Experience Guinea Style African Dance in Tahoe
TRUCKEE, Calif. – Discover culture through dance as Guinea style African dance and drum classes are scheduled for Saturday, Oct. 21 and Sunday, Oct. 22, hosted by Inner Rhythm dance studio:.
On Saturday, Oct. 21, from 5-8 p.m. at Veterans Hall (10214 High Street, Truckee, Calif. 96161), the drumming session will run from 5-6 p.m., followed by the dance class from 6:15-7:45 p.m.
On Sunday, Oct. 22, from 10 a.m.-1 p.m. at Fairway Community Center (330 Fairway Drive, Tahoe City, Calif. 96145), the drumming session will be held from 10-11 a.m., followed by the dance class from 11:15 a.m.-12:45 p.m.
Prices: Drum class – $20 / Dance class – $40 / Combo – $50. Secure your tickets at Innerrhythms.org.
Inner Rhythms is a dance studio in Truckee that offers a variety of classes for both children and adults. The instructors have journeyed across the world, dancing and training at some of the finest institutions globally. Staff members aren’t just performing artists; they’re mentors with a profound commitment to sparking inspiration in every student.
Heather Tjalma, who started attending classes last fall, introduced a flow dance cardio class recently to Inner Rhythms that combines Afro beats, hip-hop, and traditional African choreography. The class has evolved to include more traditional African dance moves and live drummers, inspiring the upcoming classes.
Tjalma has also partnered with Sarah Fay at Inner Rhythms and Chris Savage, owner of Greenscapes Landscaping, to bring traditional African drum and dance classes to the Truckee Tahoe area. Classes are characterized by high energy and a welcoming atmosphere, and participants are encouraged to do what feels best for their bodies.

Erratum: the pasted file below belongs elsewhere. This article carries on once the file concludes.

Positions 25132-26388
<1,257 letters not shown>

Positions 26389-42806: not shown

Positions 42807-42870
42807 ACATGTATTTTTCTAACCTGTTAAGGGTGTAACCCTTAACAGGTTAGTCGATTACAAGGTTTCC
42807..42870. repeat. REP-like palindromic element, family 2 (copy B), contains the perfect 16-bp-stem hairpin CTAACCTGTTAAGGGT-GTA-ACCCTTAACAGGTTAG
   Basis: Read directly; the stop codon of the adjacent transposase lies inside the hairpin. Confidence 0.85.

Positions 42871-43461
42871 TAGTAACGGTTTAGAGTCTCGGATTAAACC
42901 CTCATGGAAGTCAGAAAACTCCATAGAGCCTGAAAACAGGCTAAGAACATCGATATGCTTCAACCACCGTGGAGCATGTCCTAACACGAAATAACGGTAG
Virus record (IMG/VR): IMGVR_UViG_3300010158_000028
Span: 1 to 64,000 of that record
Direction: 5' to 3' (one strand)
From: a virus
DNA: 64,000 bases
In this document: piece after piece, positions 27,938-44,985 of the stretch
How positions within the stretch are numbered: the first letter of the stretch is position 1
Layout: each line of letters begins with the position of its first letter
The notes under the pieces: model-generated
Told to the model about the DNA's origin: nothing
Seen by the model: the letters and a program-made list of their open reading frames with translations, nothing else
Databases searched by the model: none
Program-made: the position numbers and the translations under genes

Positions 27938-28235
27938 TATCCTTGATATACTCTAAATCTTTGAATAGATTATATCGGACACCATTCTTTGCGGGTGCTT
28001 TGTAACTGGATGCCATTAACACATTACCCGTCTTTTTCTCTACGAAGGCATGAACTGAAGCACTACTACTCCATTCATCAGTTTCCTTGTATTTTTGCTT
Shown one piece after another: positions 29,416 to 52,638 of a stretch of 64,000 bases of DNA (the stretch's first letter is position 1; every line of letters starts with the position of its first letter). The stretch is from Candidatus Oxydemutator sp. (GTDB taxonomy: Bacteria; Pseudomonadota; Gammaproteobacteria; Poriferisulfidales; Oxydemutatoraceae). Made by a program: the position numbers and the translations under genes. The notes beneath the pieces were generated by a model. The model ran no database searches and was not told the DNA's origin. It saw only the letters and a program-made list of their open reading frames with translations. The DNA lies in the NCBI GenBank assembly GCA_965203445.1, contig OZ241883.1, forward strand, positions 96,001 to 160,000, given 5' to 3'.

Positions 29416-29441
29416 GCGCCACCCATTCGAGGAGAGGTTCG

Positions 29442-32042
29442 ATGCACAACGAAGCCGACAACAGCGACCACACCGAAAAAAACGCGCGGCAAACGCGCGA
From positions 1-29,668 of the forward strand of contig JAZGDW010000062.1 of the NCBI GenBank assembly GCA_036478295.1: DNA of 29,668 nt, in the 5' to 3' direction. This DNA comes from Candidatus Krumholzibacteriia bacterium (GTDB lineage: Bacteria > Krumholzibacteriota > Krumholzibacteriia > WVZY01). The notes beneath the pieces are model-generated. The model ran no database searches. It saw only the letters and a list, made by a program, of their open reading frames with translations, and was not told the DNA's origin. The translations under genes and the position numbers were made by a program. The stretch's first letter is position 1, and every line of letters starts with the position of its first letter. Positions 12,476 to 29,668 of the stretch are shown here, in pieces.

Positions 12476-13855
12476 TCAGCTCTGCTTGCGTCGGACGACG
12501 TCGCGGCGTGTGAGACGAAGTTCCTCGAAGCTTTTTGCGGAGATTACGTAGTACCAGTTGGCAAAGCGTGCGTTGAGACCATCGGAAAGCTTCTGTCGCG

“Good energy creates better energy. And that’s what dance does. It brings people together. I want to let anybody who says, ‘I have two left feet, or I can’t dance’ know that these African drum and dance communities are open to all levels and ages,” Tjalma said.
Tjalma instructs hip-hop classes for both adults and children, but she finds her true passion in teaching adults. Her enthusiasm stems from her own experience of discovering dance later in life. She firmly believes that it’s never too late to pick up new skills.
The upcoming event will feature teacher Nuria Armenta from Mexico, who specializes in Guinea ballet style, along with talented drummers, Ben Isaacs and Juan Bermejo.
“When I watch Nuria dance, it’s like she has fire under her feet. She can move so fast yet so elegantly at the same time. I love watching her as much as I truly enjoy learning from her,” Tjalma said.
Armenta holds degrees in Performing Arts, Anthropology, and Social Anthropology. Her work spans movement, photography, video, installation, and written essays, showcased globally. Trained at the Conservatory of Dance of Morelos, she combines her expertise in social sciences, visual arts, and choreography to explore space’s role in shaping human relations.
Since 2016, Armenta has immersed herself in West African Dance, learning from prominent teachers like Mouminatou Camara. In 2022, she furthered her Drum&Dance studies in Guinea with notable mentors. Currently, Armenta is developing a project that blends West African Dance with Mexican tradition, Contemporary Dance, Flamenco, and Zapateado.
Armenta’s class format includes warm-up exercises, choreography, and a distinctive practice of barefoot dancing in rows, all accompanied by rhythmic drumming. “The drummer knows exactly what the dancer’s going to do, and the dancer knows exactly what the drummer’s going to do. There’s this conversation between the drum and the dancer’s body,” Tjalma said.
After the dance session concludes and the drummers deliver their final beats, it is customary for the dancers to assemble in a line and express their gratitude to the drummers. This can take the form of a simple thank you, accompanied by direct eye contact, or even a tangible token of appreciation.
“When you feel the beat of the drums through the floor, I really picture throwing a stone into the water and the reverberation that ripples out and out and out. That’s what I feel like they’re doing with their drum beats,” Tjalma said.
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